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UN expert urges UK to shelve Rwanda asylum plan

Rwanda deportation flight EC-LZO Boeing 767 at Boscombe Down Air Base, on June 14, [Finnbarr Webster/Getty Images]
Rwanda deportation flight EC-LZO Boeing 767 at Boscombe Down Air Base, on June 14, [Finnbarr Webster/Getty Images]

A UN human rights expert, on Friday, urged the United Kingdom to halt plans to transfer asylum seekers to Rwanda, expressing grave concern that the arrangement violates international law, Anadolu News Agency reports.

In a statement, Siobhan Mullally, the UN Special Rapporteur on trafficking in persons, especially women and children, said the practices proposed by the UK "risk causing irreparable harm to people seeking international protection".

"There are serious risks that the international law principle of non-refoulement will be breached by forcibly transferring asylum seekers to Rwanda," said Mullally.

"People seeking international protection, fleeing conflict and persecution, have the right to seek and enjoy asylum – a fundamental tenet of international human rights and refugee law," she said.

She welcomed the European Court of Human Rights' decision to ground a flight that was due to transfer a small group of asylum seekers from the UK to Rwanda earlier this week.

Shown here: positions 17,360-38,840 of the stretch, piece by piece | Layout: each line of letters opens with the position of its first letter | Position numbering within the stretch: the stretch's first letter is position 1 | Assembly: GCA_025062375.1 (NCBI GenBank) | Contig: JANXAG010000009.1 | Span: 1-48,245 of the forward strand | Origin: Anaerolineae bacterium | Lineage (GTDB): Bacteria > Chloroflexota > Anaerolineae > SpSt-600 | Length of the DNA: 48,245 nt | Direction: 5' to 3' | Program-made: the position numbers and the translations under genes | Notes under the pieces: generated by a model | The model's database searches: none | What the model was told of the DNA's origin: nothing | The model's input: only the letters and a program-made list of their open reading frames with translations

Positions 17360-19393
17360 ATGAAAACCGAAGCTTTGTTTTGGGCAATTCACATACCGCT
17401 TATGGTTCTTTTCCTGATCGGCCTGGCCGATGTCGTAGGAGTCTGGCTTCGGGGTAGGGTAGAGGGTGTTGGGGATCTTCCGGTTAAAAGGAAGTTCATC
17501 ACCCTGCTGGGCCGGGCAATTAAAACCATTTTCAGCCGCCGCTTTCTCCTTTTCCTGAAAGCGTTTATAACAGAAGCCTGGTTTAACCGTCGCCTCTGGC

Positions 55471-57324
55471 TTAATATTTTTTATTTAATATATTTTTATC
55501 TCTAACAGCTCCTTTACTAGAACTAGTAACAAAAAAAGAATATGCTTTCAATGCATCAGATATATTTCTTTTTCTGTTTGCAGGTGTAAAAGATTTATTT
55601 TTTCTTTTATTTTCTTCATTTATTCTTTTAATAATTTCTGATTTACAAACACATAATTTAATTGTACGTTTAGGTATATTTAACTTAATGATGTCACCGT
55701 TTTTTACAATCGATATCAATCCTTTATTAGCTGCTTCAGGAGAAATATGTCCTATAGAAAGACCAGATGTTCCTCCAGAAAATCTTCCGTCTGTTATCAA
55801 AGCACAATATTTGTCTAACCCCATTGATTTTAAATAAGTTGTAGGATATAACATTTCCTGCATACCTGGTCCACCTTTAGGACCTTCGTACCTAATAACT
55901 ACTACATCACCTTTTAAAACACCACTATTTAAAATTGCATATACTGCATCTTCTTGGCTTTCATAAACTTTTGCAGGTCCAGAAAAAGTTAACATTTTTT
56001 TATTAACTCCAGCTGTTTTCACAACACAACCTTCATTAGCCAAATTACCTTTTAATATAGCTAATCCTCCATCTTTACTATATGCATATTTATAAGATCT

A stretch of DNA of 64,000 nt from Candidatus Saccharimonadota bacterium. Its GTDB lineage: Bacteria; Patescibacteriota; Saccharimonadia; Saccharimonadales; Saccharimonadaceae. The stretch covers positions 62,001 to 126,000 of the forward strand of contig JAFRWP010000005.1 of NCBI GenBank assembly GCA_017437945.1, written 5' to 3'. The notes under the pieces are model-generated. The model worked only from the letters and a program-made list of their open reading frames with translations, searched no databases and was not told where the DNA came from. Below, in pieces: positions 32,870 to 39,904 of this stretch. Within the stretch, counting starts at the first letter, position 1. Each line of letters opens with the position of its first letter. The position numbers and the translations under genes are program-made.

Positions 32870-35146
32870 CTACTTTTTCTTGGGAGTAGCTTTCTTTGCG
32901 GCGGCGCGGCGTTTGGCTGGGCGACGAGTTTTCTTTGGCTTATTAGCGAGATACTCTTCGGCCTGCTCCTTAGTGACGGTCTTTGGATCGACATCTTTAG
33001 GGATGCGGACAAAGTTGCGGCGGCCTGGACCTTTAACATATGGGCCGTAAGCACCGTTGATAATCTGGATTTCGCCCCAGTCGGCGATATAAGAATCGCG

"Transferring asylum seekers to third countries does nothing to prevent or combat human trafficking; in fact, it is likely to push desperate people into riskier and more dangerous situations," Mullally said.

"Rather than reducing trafficking in persons, it is likely to increase risks of exploitation."

Risks of exploitation

The UN Special Rapporteur "expressed concern that the arrangement fails to safeguard the rights of asylum seekers who are victims of trafficking and seeking protection in the United Kingdom", read the statement.

"There are inadequate safeguards to ensure that victims of trafficking or persons at risk of trafficking are identified, given assistance and ensured effective access to international protection," Mullally said.

She also pointed out that there are "insufficient guarantees against risks of trafficking or re-trafficking for those who may be denied asylum, or arbitrarily removed to another state from Rwanda."

Under the arrangement, UK authorities will conduct an initial screening before deciding whether an individual may be transferred to Rwanda.

Mullally echoed concerns by the UN High Commissioner for Refugees about difficulties in disclosing traumatic experiences – such as trafficking – in screening interviews for asylum seekers, the statement said.

READ: UK serves refugees with official notice they are 'under consideration' for deportation to Rwanda

It said the Special Rapporteur has repeatedly raised concerns with the international community "about the increasing tendency to place migration within a criminal law enforcement paradigm."

"Restrictive migration-related measures are presented as part of efforts to combat organised crime, including trafficking in persons, regardless of how the measures may affect the human rights of migrants and trafficked persons," she said.

Mullally called on countries to "expand pathways for safe, orderly and regular migration without discrimination" to combat trafficking in persons.

She identified resettlement programs, family reunification measures and the provision of humanitarian visas as "more effective ways to prevent the trafficking of those fleeing persecution and conflict."

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AfricaEurope & RussiaInternational OrganisationsNewsRwandaUKUN
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